No grunts, no groans. No one throws a tantrum or a chair. It is just two young men in leotards getting to grips with each other in the oldest sport of all. This is not the choreographed, steroids-infused world of Wrestlemania, where the falls are as fixed as the anguished grimaces on the faces of the combatants. You won't find names like The Rock or The Undertaker. This is sport in its purest and simplest form, a world away from the days when Big Daddy and Giant Haystacks bumped their bellies on ITV as old ladies screamed abuse and refused to believe that it wasn't for real.
The Greeks had a word for it – pali – before boxing and ball games were invented. The North-west of England has always been a hotbed of wrestling and it is here we go from The Rock to a hard place, the British Wrestling Academy in Salford, as spartan a sporting institution as you will find anywhere in the land.
Inside, a homily on the wall reads: "Train Hard – Win Easy. It is not the size of the dog in the fight but the size of the fight in the dog." Visitors are treated with some suspicion because, as one official said, "reporters usually only come here to take the piss".
Wrestling, as seen in the Olympics, never gets much of a press, and the British Wrestling Association, apart from understandably resenting any association with the showbiz boys of WWE, are peeved that when the sport did get into the papers recently, it was with accusations that Eastern European wrestlers were being imported to acquire citizenship here and boost British medal prospects for 2012. It is true that a small group of Bulgarians and Ukrainians, including two women (female wrestling was introduced into the Olympics at Athens in 2004), train with British wrestlers in Salford, where there are also two full-time Ukrainian coaches, but wrestling's performance director, Shaun Morley, a senior police officer, insists they are merely here as sparring partners: "There is no programme to naturalise them, and never will be."
He says domestic prospects need quality competition, and this is echoed by one of them, 18-year-old Jatinder Rakhra, who is being groomed for a rare British place on the podium in 2012. "They are here to help us improve our standards," he says. "Practising against them is like wrestling in a final."
Britain have won only three wrestling medals in Olympic history, the last in 1984, when Noel Loban took bronze in the Los Angeles freestyle light-heavyweight event. Rakhra, a postman's son from Slough, is the current British junior champion in the lightest division, under 55kg, and was 10th in the world juniors in Beijing last year.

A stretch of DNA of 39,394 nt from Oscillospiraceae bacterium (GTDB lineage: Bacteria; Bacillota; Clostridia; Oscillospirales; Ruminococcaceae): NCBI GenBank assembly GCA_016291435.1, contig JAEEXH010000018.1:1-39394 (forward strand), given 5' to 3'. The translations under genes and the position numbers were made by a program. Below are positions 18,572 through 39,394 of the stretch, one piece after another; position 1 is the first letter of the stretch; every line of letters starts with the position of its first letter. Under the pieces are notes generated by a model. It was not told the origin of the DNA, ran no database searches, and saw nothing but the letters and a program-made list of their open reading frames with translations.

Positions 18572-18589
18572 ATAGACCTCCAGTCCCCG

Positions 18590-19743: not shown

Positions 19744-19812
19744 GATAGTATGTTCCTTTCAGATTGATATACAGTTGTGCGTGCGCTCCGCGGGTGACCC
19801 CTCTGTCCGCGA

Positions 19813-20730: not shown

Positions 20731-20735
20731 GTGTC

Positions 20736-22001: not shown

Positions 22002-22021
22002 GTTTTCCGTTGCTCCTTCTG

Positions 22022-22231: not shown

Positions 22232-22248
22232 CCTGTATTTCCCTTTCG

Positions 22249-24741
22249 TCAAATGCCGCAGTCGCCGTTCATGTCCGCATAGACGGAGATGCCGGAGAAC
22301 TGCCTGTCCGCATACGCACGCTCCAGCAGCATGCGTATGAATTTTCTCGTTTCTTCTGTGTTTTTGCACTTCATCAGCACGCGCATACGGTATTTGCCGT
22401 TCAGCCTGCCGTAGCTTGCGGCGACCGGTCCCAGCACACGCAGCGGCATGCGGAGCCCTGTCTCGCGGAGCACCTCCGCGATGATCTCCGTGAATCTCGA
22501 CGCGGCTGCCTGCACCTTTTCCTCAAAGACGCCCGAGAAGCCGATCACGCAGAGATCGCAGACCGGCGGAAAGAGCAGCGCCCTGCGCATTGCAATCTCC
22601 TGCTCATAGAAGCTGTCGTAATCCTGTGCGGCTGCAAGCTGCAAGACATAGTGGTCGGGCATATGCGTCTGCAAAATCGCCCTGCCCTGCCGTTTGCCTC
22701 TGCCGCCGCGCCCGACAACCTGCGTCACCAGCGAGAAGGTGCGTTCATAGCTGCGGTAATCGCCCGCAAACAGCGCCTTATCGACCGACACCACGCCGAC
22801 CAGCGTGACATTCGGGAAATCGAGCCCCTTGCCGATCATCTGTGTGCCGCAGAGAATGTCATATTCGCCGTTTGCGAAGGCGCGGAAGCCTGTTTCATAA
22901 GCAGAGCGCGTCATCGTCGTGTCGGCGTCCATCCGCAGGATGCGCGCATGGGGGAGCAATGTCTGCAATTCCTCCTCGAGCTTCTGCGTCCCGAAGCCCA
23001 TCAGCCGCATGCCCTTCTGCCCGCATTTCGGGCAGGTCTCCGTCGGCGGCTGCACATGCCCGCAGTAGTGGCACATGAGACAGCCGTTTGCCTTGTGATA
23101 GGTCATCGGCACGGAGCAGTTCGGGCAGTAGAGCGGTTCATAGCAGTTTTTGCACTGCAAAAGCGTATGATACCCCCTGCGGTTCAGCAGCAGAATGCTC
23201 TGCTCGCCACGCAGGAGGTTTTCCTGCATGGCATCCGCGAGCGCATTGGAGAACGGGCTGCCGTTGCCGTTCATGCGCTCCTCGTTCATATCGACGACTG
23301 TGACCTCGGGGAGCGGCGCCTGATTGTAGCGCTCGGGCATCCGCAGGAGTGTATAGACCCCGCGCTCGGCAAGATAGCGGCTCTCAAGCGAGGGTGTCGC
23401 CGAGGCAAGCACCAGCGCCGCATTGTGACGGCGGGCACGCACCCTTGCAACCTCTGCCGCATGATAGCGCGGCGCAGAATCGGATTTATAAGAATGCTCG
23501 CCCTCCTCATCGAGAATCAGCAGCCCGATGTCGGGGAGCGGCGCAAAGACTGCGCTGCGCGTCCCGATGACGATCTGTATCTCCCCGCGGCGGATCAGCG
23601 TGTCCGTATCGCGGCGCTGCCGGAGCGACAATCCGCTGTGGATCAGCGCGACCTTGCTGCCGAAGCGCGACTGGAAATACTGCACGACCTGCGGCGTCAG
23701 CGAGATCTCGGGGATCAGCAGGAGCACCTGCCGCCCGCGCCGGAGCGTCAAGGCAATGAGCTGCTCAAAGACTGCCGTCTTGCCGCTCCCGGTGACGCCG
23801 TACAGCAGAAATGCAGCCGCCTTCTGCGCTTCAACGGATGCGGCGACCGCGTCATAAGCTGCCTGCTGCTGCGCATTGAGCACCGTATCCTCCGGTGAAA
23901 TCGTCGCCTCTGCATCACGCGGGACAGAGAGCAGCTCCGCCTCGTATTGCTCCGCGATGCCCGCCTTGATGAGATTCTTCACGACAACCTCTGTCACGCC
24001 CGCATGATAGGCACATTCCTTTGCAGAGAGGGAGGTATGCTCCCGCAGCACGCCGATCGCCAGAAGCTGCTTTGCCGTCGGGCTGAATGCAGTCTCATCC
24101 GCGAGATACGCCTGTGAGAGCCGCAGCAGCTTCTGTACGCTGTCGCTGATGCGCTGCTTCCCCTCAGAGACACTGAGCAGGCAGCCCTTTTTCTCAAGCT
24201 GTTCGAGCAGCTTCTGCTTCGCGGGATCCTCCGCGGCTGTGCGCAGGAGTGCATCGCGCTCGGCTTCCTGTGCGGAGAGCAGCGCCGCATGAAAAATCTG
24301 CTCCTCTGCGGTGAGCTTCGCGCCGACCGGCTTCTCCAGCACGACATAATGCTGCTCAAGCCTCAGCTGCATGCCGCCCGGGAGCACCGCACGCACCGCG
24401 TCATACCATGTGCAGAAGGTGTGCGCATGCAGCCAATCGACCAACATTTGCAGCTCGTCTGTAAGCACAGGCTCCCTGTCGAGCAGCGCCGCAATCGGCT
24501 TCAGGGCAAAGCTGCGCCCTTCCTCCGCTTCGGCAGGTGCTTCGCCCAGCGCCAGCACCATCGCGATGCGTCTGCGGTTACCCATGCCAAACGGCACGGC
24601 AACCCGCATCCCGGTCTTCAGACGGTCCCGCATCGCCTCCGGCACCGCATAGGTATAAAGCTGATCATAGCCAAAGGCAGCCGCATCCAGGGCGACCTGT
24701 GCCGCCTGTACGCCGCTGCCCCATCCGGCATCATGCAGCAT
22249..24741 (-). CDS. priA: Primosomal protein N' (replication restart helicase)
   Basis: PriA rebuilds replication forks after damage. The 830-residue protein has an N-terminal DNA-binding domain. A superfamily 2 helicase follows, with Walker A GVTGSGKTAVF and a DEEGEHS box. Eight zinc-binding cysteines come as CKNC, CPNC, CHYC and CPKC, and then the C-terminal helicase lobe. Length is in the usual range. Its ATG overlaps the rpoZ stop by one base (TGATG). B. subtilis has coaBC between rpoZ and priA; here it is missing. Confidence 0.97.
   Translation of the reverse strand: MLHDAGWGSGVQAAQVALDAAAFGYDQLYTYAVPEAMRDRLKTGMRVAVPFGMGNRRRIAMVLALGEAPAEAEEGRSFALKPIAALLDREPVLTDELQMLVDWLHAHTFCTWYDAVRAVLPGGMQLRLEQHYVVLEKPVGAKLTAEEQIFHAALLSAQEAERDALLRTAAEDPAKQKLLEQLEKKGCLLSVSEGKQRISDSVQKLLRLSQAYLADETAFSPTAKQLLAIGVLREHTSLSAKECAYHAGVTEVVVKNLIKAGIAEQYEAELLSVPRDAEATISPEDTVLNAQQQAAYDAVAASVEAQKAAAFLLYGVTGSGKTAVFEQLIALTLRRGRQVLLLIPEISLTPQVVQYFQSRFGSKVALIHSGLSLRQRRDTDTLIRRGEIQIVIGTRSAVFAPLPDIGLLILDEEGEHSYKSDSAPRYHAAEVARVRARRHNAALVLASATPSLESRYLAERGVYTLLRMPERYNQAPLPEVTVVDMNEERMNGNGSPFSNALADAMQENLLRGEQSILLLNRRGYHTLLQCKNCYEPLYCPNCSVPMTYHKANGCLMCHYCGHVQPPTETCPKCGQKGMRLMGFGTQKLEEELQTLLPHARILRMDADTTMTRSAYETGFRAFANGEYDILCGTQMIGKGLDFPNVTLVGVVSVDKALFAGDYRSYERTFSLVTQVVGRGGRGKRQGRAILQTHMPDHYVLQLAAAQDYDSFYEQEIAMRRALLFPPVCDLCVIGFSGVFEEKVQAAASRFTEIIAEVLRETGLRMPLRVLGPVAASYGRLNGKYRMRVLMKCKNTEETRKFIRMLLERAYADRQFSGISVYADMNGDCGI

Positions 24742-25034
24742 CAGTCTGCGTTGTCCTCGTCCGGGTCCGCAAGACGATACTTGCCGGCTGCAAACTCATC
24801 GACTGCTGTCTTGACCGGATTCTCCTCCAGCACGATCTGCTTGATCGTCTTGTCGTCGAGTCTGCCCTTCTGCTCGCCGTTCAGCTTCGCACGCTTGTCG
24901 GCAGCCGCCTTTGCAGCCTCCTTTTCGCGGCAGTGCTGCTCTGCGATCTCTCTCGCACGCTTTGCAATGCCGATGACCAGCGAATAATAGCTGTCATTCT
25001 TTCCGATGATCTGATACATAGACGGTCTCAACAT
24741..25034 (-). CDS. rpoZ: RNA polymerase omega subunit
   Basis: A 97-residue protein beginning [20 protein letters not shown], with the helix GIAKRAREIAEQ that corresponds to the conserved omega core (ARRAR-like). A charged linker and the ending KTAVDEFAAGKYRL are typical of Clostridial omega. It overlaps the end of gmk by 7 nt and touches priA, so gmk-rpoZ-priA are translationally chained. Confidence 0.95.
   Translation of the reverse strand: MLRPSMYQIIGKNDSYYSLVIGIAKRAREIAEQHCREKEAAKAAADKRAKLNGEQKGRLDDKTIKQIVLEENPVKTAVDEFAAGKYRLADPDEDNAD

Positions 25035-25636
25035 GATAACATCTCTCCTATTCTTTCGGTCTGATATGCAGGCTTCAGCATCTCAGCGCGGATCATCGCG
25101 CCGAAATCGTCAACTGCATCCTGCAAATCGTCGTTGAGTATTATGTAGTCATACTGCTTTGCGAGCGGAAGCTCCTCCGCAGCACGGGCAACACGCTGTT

He has been wrestling since he was four. "My dad's friend, who used to be a wrestler back in India, opened a wrestling club. When it closed after four years, I joined the Slough Olympic club and got to British Championship level.
"Early on, I used to wrestle just once or twice a week, and it was really just messing around between playing football and other sports. Later, when peopleasked me what I did and I said I was a wrestler, they used to look at me and laugh: 'What, WWF [as it was called then]? You're too small.' Actually, I used to collect WWF stickers and watch The Rock, but now I think it's all rather stupid, a joke. Wrestling used to be a popular sport in this country and I sense it is becoming so again. Come 2012, I think it will really have taken off."
Rakhra, who now lives in Manchester and is studying for a degree in sports and leisure management through Bolton University, says: "My parents have been terrific, without them I wouldn't have been able to do this, and my coaches [Ukrainians Nikolai Kornyeyev and Anotole Sergei] are more like father figures to me. I am a great fan of Nikolai. He came here without speaking a word of English and at first I thought he was an arrogant, aggressive sort of guy, but actually he is a super bloke. He really knows his stuff, and he cares a lot. He's taught me virtually everything I know at this level.
"The trouble is, there is not a lotof competition inthis country, mainly because it hasn't yet got a foothold in schools. Society takes kids towards the more popular sports like football, athletics, basketball and hockey. When it comes to wrestling, they say, 'What's that?'. It's good the Olympics are coming to London because it will highlight sports like this, the grass-roots sports."